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How to Diet for a Pandemic

Recently we talked about your immune system, and how staying active is a NECESSITY during a pandemic. Today we’re going to add onto that. Food is another EXCEPTIONAL way to boost your immune system to fight off common colds as well as hold off against chronic diseases.

I don’t think this is news to anybody, but we need vitamins and minerals. A whole bunch of each. Vitamin C is probably one of the most cited vitamin to help boost your immune system. Good news is, it’s in way more than just citrus fruits! Leafy greens, strawberries, and bell peppers are also excellent sources. In fact, it’s in so much common foods that you probably don’t need to supplement it. If you’re eating your recommended daily intake of fruits and veggies, and your doctor doesn’t say otherwise, you don’t need to supplement Vitamin C. HOWEVER, Vitamin C is water soluble. Which is fancy speak for it’ll find its way into the toilet eventually. So it’s important to get plenty EVERYDAY.

Some other important vitamins and minerals we need to stay healthy include: Vitamin A, found in more colorful veggies (carrots, sweet potato, cantaloupe). Vitamin E, found especially in leafy greens. Iron, found in lean meats, also spinach and kale. And Zinc, found in lean meats, and beans.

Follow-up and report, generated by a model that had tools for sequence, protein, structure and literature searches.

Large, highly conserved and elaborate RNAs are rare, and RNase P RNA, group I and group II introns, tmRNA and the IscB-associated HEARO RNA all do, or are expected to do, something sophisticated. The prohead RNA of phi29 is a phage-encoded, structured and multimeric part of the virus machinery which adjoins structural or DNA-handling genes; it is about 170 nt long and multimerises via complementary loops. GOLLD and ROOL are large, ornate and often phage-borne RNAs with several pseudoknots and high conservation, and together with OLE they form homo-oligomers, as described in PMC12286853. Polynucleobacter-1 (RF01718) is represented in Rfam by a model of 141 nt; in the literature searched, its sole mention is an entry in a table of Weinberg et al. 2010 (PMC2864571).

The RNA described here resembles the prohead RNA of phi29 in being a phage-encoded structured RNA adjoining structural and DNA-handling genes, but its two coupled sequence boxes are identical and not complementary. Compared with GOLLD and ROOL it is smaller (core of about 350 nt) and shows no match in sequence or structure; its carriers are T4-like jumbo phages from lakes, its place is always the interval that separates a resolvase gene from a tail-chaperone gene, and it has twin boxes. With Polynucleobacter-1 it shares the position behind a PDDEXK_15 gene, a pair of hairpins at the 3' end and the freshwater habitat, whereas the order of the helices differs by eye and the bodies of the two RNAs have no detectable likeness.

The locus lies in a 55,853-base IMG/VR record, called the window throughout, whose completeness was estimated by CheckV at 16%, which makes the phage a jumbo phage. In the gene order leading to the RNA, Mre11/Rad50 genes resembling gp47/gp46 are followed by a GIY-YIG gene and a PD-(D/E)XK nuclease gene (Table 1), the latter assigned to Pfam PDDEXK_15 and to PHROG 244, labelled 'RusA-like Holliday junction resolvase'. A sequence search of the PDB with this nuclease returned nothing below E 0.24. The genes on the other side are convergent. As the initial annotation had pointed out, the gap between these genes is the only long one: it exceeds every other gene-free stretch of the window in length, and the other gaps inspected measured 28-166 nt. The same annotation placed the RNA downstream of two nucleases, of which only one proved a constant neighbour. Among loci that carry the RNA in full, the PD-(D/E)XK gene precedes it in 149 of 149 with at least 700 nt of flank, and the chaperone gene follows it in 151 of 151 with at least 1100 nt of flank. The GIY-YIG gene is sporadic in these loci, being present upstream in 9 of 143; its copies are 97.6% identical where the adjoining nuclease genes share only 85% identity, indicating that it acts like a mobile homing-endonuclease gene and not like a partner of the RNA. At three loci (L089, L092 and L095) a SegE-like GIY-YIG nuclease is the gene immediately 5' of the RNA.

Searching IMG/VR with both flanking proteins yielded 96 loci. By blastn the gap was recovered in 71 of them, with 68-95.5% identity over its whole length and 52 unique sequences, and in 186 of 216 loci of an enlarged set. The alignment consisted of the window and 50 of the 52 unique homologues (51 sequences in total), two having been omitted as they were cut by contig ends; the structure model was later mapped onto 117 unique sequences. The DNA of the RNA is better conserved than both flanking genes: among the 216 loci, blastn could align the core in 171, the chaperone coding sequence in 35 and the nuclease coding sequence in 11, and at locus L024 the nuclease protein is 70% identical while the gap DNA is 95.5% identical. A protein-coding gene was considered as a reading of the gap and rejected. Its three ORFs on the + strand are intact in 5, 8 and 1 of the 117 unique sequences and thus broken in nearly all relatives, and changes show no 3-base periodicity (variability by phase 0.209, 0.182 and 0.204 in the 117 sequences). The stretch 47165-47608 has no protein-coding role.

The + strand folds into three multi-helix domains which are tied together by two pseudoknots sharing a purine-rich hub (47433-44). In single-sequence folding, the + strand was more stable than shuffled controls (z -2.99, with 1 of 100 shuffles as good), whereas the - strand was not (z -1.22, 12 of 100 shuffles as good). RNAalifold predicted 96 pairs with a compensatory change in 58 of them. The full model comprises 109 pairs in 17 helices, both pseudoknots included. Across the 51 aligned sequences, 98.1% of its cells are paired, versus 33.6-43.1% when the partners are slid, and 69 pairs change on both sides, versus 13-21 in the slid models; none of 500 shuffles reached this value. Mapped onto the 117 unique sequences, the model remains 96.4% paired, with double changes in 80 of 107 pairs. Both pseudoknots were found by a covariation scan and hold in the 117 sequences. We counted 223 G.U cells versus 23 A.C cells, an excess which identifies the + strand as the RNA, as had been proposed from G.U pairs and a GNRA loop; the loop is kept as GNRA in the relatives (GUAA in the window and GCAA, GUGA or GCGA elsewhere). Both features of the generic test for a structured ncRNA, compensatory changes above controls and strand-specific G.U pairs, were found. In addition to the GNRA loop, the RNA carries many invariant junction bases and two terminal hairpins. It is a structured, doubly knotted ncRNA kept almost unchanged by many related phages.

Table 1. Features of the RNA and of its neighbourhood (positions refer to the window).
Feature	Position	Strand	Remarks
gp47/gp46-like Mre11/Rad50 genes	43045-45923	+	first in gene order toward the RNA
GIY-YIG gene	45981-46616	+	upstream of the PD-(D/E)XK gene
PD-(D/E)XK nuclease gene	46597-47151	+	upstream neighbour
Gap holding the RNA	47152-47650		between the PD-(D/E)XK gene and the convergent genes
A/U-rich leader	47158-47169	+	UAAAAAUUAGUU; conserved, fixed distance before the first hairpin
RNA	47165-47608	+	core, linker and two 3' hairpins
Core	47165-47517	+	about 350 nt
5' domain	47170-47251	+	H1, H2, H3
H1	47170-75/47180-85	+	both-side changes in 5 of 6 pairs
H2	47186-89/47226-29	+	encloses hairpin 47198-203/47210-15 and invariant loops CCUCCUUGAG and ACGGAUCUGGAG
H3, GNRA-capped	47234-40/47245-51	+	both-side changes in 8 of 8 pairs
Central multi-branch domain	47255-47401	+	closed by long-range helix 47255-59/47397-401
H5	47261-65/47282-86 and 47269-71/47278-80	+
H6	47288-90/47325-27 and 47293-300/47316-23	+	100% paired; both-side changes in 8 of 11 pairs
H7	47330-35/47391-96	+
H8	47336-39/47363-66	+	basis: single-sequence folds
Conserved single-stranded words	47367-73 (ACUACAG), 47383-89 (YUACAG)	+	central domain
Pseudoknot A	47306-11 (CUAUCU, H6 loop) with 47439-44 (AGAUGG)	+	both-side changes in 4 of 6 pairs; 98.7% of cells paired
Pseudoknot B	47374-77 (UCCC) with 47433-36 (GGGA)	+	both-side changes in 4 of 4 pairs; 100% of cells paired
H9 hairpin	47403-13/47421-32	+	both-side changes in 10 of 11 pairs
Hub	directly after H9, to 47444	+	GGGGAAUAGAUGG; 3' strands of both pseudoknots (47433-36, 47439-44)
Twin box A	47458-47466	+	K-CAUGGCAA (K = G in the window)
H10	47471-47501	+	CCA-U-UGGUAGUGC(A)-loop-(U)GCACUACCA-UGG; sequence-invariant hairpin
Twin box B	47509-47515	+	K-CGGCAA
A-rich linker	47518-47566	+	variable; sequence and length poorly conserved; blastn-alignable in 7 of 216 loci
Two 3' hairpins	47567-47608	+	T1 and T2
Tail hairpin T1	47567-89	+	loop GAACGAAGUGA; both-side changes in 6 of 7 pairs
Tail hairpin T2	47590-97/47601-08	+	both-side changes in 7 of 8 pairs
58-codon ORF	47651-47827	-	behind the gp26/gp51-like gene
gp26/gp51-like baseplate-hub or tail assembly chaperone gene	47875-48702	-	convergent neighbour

It’s been accepted that it’s better to get your vitamins and minerals from REAL FOOD and not rely on supplements. Supplements might be a useful tool to use, but the health benefits of just eating your veggies far outweigh popping a pill or mixing some powder. One exception from that rule is Vitamin D. Our most common food with Vitamin D is milk, and that’s only fortified with it. It’s naturally found in fatty fish, but the catch is that sunlight is our easiest way to get it. A recent study found that most Wisconsinites don’t get enough sunlight to supply enough Vitamin D. Even if you're an avid sunbather, winter is winter. Talk to your doctor if you think you should be on a Vitamin D supplement.

Back to real food though, there’s clinical evidence to support that increased fruit and vegetable intake is related to a reduced risk of...get ready for it...coronary heart disease, stroke, hypertension, cancer, weight gain, type 2 diabetes mellitus, chronic obstructive pulmonary disease, asthma, rheumatoid arthritis, osteoporosis, certain eye diseases, and dementia.1

So yes, eat your fruits and veggies now to help boost your immune system. But also eat your fruits and veggies every day so you can live a long, successful,


1.Boeing H, Bechthold A, Bub A, et al. Critical review: vegetables and fruit in the prevention of chronic diseases. Eur J Nutr.2012;51(6):637–63.[Epub2012Jun9].

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